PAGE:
But I do not believe he’s being hypocritical. I had read the Eye Weekly article in print, and was quite annoyed when they said the NC license “prohibits anyone from pulling a Girl Talk on Gillis,” but I just noticed that the web article links those words to my Techdirt post! Argh… Gillis would never take legal action against someone else for remixing, and it’s not actually hypocrisy when you consider fair use — just a bit odd and disappointing. I think Gillis and other artists would be better off removing the barriers to commercial use, but I don’t think he’s a hypocrite.
To be even more clear… I think Girl Talk is making great music, doing great work promoting the art of sampling, helping to legitimize remix as art in the minds of many and challenging restrictive copyright provisions which make this sort of art form impossible if each sample has to be negotiated individually, not to mention the business model experimentation with his last album. I’m just picking on him for the non-commercial restriction and making an observation that even an artist like Girl Talk seems to have some attachment to a permission culture. I think we can do better.
Last week, I attended the February #Twuneup — Covers Edition. #Twuneup is basically a monthly listening party (this was the second) run by a group of people in the Toronto Twitter community who share a love of music. There’s also lots of music sharing that happens on Twitter.
I found out about it too late to get a spot at the first one (space is limited), but this time I was quick to sign up. I was happy to learn that live performances were encouraged, so I busted out the T-Qualizer (perfect event) and played my cover of The Patient (Tool):
I also met lots of cool people. I first noticed @photojunkie last summer and I’d met him at #hohoTO, but the rest were new faces. @modernmod and @nicopop were the other organizers. I had a chance to meet @johnpapa, @alkerton, @rlangdon, @3rdparty, @pageby_paige, @zachaysan and lots of other cool people.
I had a great chat with @leilaboujnane (from Idée) and she gave me a Creative Commons sticker, before she even knew that I’m a CC BY-SA artist! I was going to put the sticker on my guitar case, but then I realized it had a clear background (black-on-black wouldn’t work to well). So… I put it on my guitar!
(Photo by bevw)
Lots of fun! I hope to make it back in March.
[This originally appeared on Techdirt.]
Legal trouble for Girl Talk — an artist named Greg Gillis who released a “mash up” album using the pay what you want model — is almost inevitable, but the situation gets even more interesting when you consider how the music is licensed. Girl Talk uses a Creative Commons Attribution-Noncommercial license for Feed the Animals, even though the songs on the album were made by using hundreds samples from other artists. Gillis claims his songs are fair use on the basis of being transformative and because the clips used are very short.
Aside from potential legal claims over the license if the fair use defense fails, why would Gillis — an artist making commercial use of samples from others — put a noncommercial restriction on his work? It seems a bit hypocritical. Granted, he does claim that “the CC license does not interfere with the rights you have under the fair use doctrine, which gives you permission to make certain uses of the work even for commercial purposes,” but is the noncommercial restriction for other uses really necessary?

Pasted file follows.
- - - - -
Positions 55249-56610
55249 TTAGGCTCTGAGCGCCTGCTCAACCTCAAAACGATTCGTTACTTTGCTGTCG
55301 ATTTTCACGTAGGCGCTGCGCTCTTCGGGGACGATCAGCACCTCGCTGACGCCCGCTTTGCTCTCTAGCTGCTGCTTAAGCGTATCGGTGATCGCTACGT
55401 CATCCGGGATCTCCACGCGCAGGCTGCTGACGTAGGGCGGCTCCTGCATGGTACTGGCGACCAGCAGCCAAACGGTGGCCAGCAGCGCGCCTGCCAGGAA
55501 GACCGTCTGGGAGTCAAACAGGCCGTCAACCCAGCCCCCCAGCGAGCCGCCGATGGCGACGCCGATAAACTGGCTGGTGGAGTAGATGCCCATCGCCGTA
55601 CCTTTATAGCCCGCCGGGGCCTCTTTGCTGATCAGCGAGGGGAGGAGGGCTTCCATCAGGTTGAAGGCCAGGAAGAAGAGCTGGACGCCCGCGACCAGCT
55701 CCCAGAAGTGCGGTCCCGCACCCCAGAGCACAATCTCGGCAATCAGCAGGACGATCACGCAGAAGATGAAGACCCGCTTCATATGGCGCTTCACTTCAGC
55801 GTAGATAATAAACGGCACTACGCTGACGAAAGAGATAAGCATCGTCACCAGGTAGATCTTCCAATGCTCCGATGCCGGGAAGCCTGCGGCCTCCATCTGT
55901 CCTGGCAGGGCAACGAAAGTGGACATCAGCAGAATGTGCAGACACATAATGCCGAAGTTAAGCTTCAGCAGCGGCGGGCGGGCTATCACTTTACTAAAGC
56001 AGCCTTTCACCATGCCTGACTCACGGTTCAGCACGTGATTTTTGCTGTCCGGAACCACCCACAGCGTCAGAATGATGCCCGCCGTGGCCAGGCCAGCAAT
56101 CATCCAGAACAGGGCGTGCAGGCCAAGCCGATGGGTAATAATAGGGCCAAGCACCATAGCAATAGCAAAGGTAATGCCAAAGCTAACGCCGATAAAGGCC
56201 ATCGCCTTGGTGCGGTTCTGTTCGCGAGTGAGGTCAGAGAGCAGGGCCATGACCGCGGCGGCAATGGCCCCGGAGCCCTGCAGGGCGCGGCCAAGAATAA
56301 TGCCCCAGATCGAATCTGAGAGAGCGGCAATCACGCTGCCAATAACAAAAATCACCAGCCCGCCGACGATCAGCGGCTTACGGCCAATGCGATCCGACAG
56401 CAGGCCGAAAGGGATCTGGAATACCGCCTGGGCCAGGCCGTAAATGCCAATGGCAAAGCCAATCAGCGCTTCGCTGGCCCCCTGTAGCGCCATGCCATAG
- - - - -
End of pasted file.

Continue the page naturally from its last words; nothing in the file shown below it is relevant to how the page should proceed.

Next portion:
First of all, as Mike Masnick pointed out in his critique of a noncommercial copyright, the distinction between commercial and noncommercial use is extremely blurry. Equally blurry in this case is the distinction between transformative and non-transformative use. At what point exactly does a derivative work become transformative? But, more importantly, Mike asks “if someone else is able to do something commercially useful with my content, why should that be a problem?” Girl Talk ought to be a perfect example of this, yet Gillis seems to deliberately limit the possibilities through his choice of license.
Why attempt to limit the positive externalities? Maybe some of the artists sampled on the Girl Talk album will really like a song their music appears in and want to include it somehow on a release of their own, make use of it on their website, etc. Should those artists then be required to pay for the use of a song which includes samples of their own music? Maybe, but it seems like respecting “upstream” would help an artist like Gillis maintain a better relationship with the artists from which he’s sampling.
Furthermore, what about people who might do something with the album that’s potentially commercially useful for Girl Talk? For example, if someone were to make an interesting remix or video using Girl Talk’s music , not only would they be required to refrain from commercial use themselves (unless it was fair use), but Gillis would require their permission to make use of it himself. If he had used a copyleft license like the Creative Commons Attibution-Share Alike, both he and any artists making derivative works would have the ability to monetize their efforts. Instead, derivatives are relegated to the realm of the amateur because, with a noncommercial license, the barriers of a permission culture are still intact for artists trying to make a living from their work. One would hope that Greg Gillis, of all artists, might realize the benefits of removing these barriers, especially on commercial use.
[This was largely inspired by a couple Rob Myers posts — Noncommercial ShareAlike Is Not Copyleft and Why The NC Permission Culture Simply Doesn’t Work — which convinced me to license my music under a free license.]
[Read the comments on Techdirt.]